We reviewed database and application software giant, Oracle’s ORCL, third quarter earnings announcement in a note published on March 21, and posted an updated model and Valuation Waterfall a week later, after we had had time to analyze the data.

We found some encouraging hints within the earnings release and are hoping that Mr. Market will give us a lower price for Oracle so we can increase the size of our investment position in the company. We are keeping an eye on an Effective Buy Price of $40 / share, as that, we think, is a reasonable worst-case valuation.

Market reaction to the earnings announcement was negative. Oracle lost around 10% of its value on the trading day after it issued its earnings announcement and is now down around $9 from its all-time closing high of just shy of $53 / share.

Figure 1.

We believe the negative reaction was mainly due to investor worries regarding slowing Cloud sales growth. This article looks at trends in both the Cloud and On-Premise* businesses, and describes why we believe investor worries regarding Oracle’s Cloud business are overblown.

Oracle’s Cloud Business

Indeed, the graph of year-over-year (YoY) growth of Oracle’s Cloud business revenues presents a striking picture.

Figure 2. Source: Company Statements, Framework Investing Analysis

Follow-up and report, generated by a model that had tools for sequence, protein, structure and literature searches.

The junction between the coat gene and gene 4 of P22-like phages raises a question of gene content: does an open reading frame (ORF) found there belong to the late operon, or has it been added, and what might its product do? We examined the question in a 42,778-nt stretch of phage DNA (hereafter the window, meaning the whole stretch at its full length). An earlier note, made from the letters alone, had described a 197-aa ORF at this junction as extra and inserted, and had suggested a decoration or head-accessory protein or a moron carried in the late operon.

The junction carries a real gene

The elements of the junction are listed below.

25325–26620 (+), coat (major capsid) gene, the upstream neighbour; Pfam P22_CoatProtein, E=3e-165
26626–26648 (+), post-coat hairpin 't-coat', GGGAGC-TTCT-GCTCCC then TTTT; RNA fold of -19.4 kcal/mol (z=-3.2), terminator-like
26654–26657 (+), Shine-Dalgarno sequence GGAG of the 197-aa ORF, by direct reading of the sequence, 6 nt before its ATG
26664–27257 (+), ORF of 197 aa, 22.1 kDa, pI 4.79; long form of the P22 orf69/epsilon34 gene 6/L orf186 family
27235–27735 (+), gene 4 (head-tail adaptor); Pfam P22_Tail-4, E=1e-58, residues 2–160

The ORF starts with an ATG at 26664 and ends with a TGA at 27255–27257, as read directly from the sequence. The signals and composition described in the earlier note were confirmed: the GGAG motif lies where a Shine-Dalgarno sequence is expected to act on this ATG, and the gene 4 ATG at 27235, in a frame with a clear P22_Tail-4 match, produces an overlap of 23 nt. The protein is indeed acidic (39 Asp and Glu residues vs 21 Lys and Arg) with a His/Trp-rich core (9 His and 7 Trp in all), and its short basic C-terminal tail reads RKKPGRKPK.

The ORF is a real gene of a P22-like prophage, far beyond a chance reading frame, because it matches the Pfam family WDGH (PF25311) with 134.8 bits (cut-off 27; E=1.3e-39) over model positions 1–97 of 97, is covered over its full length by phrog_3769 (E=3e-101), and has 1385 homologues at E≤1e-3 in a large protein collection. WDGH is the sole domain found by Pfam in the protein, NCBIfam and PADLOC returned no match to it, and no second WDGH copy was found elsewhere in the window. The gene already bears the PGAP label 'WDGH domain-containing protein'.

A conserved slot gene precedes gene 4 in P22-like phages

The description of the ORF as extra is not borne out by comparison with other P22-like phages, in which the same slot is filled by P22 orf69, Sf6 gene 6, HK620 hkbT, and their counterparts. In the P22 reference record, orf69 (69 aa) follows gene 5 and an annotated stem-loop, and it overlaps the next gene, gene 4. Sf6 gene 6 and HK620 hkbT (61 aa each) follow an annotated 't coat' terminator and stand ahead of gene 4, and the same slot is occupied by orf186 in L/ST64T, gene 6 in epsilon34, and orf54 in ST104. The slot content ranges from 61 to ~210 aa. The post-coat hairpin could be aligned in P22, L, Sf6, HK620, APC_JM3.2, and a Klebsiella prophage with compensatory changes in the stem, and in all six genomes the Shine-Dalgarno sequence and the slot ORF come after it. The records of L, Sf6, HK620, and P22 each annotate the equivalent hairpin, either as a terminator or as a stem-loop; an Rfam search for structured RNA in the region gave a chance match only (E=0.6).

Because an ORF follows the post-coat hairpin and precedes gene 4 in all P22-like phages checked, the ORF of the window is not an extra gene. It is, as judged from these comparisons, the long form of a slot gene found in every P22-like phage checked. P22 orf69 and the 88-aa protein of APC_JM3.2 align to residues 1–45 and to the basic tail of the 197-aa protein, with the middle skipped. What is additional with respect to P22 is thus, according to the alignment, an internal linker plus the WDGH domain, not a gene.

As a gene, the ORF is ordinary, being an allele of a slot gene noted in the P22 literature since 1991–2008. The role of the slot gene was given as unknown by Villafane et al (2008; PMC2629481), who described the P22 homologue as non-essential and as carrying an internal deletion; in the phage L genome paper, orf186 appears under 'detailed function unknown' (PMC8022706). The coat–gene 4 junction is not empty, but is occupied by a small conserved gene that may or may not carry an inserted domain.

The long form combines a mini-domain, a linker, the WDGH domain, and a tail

The blue line above represents the YoY change in Cloud sales each quarter, and the downward slope of this line has encouraged investors to believe that Oracle’s Cloud business might be losing ground to Cloud competitors.

In my mind, that interpretation misses two important features about this graph. First, year-over-year revenues are still growing at a 30%, which is hardly shabby. Second, shrinking of On-Premise software revenues is finally modest enough not to cause much of a headwind to revenues. Compare the recent flatness of the gray curve to its depth during the 2015 – 2017 period, and you’ll appreciate the improvement.

The extraordinary growth Oracle’s Cloud business displayed over the last few quarters probably had several causes. Oracle made several acquisitions (MICROS in 2015 and NetSuite in 2017), and some of the year-over-year (YoY) rise is likely due to the integration of those companies and the cross-selling of Oracle products to its customers.

In addition, Oracle was making a strategic push into the Cloud during this timeframe and switching On-Premise clients to the Cloud. This effect is shown in both the depth of the gray line and the height of the blue one.

Last, due to revenue recognition rules for Cloud subscriptions, there is a lag between when deals are signed and revenue is recognized. Especially at the start of a rapid rise in Cloud bookings in place of On-Premise sales (which are recognized immediately), there will be some lag in revenues that eventually evens out as the Cloud business matures.